Hackney feels a special call to care for the land.
“We all know how the story starts – God said it was good. We were
created to be stewards of that goodness. Over time, the church has
fallen into the same trap many do, to think man stands apart from
creation. But we’re part of creation.”
Tending the flock
Food consumption reflects not only care for the earth, but care for
our own bodies. Remember that saying about the body being a temple?
Leslie Hobbs is a firm believer.
Hobbs, a member of Highland United Methodist Church in Raleigh, N.C.,
became the church’s first director of food ministry when she was
approached to prepare Wednesday night meals.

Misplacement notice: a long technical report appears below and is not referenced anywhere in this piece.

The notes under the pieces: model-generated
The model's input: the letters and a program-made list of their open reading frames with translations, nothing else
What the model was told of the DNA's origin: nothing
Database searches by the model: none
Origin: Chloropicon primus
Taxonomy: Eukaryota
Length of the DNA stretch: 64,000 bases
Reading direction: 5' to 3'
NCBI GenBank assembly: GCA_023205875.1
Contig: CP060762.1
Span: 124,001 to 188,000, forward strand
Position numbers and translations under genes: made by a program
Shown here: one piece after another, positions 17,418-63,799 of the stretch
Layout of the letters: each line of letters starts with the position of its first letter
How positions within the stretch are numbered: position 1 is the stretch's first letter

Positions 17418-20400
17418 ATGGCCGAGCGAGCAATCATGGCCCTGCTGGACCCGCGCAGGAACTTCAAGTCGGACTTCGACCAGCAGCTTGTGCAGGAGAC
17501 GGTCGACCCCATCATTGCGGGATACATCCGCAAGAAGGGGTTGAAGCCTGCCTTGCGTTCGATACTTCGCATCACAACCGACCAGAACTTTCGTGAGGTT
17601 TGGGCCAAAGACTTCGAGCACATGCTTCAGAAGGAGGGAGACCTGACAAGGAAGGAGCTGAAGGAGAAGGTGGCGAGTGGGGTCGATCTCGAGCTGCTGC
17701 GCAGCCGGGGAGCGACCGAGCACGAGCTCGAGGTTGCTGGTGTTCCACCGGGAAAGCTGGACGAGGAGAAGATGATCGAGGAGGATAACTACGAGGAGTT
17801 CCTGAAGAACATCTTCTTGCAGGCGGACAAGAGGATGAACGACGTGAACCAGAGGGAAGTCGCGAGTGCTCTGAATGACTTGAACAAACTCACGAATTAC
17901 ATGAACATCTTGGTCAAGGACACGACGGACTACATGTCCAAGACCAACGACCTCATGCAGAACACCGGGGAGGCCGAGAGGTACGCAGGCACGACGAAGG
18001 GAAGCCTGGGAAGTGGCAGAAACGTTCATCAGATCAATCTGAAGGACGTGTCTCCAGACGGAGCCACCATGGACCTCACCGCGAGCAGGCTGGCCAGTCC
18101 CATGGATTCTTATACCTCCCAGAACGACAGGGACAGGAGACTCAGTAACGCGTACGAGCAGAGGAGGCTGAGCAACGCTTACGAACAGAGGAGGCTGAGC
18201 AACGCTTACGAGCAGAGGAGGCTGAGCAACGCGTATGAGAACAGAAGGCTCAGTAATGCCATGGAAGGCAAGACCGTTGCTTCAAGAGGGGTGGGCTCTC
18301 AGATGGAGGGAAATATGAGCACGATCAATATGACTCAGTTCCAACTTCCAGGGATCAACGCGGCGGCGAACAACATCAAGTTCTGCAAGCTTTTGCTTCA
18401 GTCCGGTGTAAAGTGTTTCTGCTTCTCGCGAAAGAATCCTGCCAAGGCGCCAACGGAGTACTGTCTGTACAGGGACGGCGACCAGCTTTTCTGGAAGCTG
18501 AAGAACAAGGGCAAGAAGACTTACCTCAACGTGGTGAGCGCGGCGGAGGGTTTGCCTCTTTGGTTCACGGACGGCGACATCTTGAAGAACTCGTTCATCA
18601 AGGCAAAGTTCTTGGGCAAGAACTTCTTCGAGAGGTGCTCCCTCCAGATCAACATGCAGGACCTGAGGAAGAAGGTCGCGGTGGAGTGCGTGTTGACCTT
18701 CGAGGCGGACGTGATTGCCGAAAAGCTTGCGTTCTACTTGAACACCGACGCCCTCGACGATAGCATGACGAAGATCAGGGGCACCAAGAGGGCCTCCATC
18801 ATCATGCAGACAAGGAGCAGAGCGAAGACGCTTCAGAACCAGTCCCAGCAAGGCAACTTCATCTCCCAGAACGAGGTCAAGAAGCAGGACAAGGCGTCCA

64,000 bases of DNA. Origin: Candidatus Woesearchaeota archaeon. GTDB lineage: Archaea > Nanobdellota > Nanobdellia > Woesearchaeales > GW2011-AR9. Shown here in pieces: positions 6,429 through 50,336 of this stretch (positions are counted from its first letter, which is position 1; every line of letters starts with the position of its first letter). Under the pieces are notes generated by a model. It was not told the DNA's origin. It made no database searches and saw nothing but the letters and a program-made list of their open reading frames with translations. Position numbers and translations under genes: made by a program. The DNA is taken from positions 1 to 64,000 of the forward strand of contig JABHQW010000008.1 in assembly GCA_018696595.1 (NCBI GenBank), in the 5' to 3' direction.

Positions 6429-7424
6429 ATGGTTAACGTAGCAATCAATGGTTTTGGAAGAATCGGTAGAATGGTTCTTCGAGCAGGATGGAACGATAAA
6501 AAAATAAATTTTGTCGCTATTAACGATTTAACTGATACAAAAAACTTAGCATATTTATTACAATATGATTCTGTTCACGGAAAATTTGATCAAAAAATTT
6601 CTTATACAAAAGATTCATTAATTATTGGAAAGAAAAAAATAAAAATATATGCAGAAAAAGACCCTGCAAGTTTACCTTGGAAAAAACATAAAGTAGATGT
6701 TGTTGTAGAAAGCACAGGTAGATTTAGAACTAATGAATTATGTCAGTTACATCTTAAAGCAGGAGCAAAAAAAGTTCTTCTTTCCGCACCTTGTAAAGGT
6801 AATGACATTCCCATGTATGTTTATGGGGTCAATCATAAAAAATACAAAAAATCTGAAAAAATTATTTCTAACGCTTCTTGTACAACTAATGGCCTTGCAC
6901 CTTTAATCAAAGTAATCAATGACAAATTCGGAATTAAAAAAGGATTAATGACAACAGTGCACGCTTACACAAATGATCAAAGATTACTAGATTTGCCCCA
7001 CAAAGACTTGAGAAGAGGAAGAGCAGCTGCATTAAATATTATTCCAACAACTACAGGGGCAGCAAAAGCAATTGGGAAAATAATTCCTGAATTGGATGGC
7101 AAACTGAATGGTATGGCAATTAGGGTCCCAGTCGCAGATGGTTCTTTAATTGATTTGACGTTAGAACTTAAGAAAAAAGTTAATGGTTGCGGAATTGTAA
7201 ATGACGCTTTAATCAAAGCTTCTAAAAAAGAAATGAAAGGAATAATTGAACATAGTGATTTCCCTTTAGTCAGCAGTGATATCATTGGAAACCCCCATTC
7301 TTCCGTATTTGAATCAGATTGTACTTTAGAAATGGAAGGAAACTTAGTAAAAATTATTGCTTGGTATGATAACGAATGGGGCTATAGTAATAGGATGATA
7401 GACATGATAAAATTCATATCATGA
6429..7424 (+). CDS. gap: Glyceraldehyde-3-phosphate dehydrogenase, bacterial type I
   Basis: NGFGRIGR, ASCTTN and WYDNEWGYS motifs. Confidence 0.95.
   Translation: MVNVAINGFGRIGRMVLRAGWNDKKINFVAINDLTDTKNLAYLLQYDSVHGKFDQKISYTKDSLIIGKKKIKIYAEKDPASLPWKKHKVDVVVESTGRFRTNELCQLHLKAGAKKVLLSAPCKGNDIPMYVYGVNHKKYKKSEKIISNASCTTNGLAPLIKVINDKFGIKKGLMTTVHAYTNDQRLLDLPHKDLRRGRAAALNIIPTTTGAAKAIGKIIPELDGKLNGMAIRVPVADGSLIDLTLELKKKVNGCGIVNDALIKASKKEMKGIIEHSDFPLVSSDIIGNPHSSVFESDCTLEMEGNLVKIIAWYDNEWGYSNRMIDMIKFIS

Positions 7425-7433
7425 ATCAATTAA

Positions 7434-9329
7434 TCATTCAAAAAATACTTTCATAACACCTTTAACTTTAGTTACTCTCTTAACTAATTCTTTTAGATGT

“During the conversation, someone used the term food ministry and I
said, ‘That’s not just putting together a dinner.’ To me, food ministry
means lining up your food habits and your faith in a way that’s
Leslie Hobbs, director of food ministries at Highland United Methodist
Church, makes church meals healthier by avoiding processed foods.
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Hobbs drew from her culinary background and prepared healthier meals
from scratch, using fresh ingredients and no processed foods.
Before Hobbs began cooking the meals, “members could walk down the
frozen food aisle at the grocery store and identify what we had for
dinner each week!” says Anita Taylor, Highland’s director of children’s
ministry. “We saw attendance decline and we knew we needed to do
something to bring people back to this fellowship opportunity.”
Hobbs says she’s always admired the parables about agriculture as